The DIY Craft scene is no longer pastel-colored-hair grandmas crocheting over-sized sweaters. In the last several years, there has been an explosion of independent businesses that handmake their own creations. Whether it’s out of rebellion against corporate America or a distatse for giving up and in by accepting that cubicle job that sucks all of the creativity out of you, there is a boom of people who want their time and energy to create for a living. This movement, change, surge of creativity has been helped and aided by the amazingly rad people who take it upon themselves to create venues for such a movement.
Events like the 4th Annual Craft Fair Crafty Bastards is a fantastically well-rounded event headed up by Liz, Kim and Sara of the Crafty Crew in my hometown of Washington, D.C. on September 30th. Enderby’s Designs will be rocking a hometown booth, and so many more talented, creative and unique vendors will fill the space and blow your mind.
The lovely ladies behind the genius event are super-sweet and cool, and Nest was lucky enough to interview them on their incredible part of the craft movement.
NEST Interview’s Crafty Bastards:
When and how did you start Crafty Bastards?
Crafty Bastards is put on by the Washington City Paper, specifically by Kim Dorn, Sara Dick, and Liz Eckstein, otherwise known as the Crafty Crew, who plan and organize every aspect of the event. The idea originated in the heart of the Classifieds section. Through our free ads, we create a community marketplace where people can sell goods and services directly to each other (we’ve been doing this for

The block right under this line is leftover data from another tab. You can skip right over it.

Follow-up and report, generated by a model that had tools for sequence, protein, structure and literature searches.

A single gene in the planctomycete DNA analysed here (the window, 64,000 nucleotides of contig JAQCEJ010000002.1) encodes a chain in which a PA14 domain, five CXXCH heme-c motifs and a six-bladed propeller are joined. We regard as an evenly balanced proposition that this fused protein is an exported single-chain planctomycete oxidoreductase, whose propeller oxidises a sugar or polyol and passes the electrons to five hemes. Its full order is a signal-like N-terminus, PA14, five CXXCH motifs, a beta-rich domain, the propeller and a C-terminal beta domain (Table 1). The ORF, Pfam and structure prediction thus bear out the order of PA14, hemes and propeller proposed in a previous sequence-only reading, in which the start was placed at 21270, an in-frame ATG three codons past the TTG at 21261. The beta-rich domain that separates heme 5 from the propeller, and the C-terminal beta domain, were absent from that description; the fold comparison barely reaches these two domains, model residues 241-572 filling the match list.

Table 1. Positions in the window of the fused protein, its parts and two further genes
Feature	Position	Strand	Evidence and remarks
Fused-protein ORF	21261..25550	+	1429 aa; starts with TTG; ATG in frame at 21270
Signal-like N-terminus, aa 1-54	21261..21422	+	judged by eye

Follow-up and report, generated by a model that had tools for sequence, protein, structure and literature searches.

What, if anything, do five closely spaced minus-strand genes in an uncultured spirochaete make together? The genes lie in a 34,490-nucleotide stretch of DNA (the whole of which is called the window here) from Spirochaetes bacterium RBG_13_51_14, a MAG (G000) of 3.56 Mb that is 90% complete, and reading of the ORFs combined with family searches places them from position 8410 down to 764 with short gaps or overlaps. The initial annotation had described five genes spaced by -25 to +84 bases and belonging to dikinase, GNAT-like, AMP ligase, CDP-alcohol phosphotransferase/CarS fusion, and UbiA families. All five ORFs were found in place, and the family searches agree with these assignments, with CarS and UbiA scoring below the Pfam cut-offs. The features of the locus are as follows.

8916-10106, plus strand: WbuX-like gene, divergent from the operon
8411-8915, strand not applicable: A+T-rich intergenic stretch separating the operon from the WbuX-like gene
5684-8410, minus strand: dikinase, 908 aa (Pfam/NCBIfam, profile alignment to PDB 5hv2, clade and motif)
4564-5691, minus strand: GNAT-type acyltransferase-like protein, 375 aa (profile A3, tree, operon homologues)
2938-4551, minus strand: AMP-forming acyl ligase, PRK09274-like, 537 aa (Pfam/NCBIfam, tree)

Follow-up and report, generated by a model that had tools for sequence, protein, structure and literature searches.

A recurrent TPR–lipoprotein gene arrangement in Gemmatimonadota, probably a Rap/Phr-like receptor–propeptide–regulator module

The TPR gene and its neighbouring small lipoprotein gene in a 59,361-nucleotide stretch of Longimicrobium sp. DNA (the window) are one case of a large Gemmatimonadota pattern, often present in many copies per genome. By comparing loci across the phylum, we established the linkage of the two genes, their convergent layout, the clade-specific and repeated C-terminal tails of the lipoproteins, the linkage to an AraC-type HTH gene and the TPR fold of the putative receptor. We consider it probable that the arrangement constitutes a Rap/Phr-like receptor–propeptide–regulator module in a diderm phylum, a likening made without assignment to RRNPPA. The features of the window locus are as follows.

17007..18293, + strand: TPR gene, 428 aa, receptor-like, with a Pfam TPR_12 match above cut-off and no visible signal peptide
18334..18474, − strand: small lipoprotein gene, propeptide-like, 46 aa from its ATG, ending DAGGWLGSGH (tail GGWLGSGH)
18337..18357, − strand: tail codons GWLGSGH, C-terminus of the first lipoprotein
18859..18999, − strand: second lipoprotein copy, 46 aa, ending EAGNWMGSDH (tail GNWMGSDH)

decades). We had been tossing around the idea of hosting a big citywide yard sale. In the spring of 2004, the indie craft movement was just getting its legs and we decided it made more sense to do an arts focused event since that’s the focus of our paper. Our publisher is a huge supporter of the arts and theatre and pretty much gave us free reign.
Alternative paper, alternative craft. DC has a long history of punk music and the DIY scene. We wanted to seek out artists and crafters who you did not get to see in stores or galleries. The indie craft movement dovetailed nicely with both our classifieds marketplace and our art-driven editorial side; it provided accessible art for people to buy.
What are some of your style icons and inspirations?
Icons: Hello Kitty, Robin Hood, Hunter S Thompson, Bjork, Frank Zappa, Emma Peel, Willie Nelson, Veronica Mars, Ali G, Bear Grylls
Inspirations: trees, birds, fish, youthfulness, nonsense, circles, kindness, sass, Italian ice
What are some of the things you consider when going through all of
We ask that each applicant submits 3 images of their work. First of all, we look at whether the craft is handmade. That is the primary requirement. After that, it’s a matter of measuring the craftsmanship, the singularity of the work as in can you find this anywhere else other than at other alternative craft fairs. And there’s the excitability factor. You hear a lot of “Oh, I’m so going to buy that!” in our jury room. We have a range of jurors from different departments at our paper as well as one of our freelance art critics.
Who are some of your favorite indie designers?
There are so many! Shannon Mulkey of the Ice Collective, All Dressed Up and Shy, Friend or Foe, Tsai-Fi, Heather Wells of Bright Lights Little City, gregmetal, Jenny Harada, Daisy Lacy, Damned Dollies, Bossanova Baby, Supermaggie, Rachel Bone of Red Prairie Press. We could go on for a while.
What, if any, earth-friendly habits do you incorporate into your
Well, we’re a newspaper but we do print on post-consumer recycle paper! We hand out thousands of free tote bags (made of recyclable materials!) at the event. It encourages people away from plastic bags. A main goal of the fair is to buy directly from the artists and craftspeople. Don’t consume factory-made goods!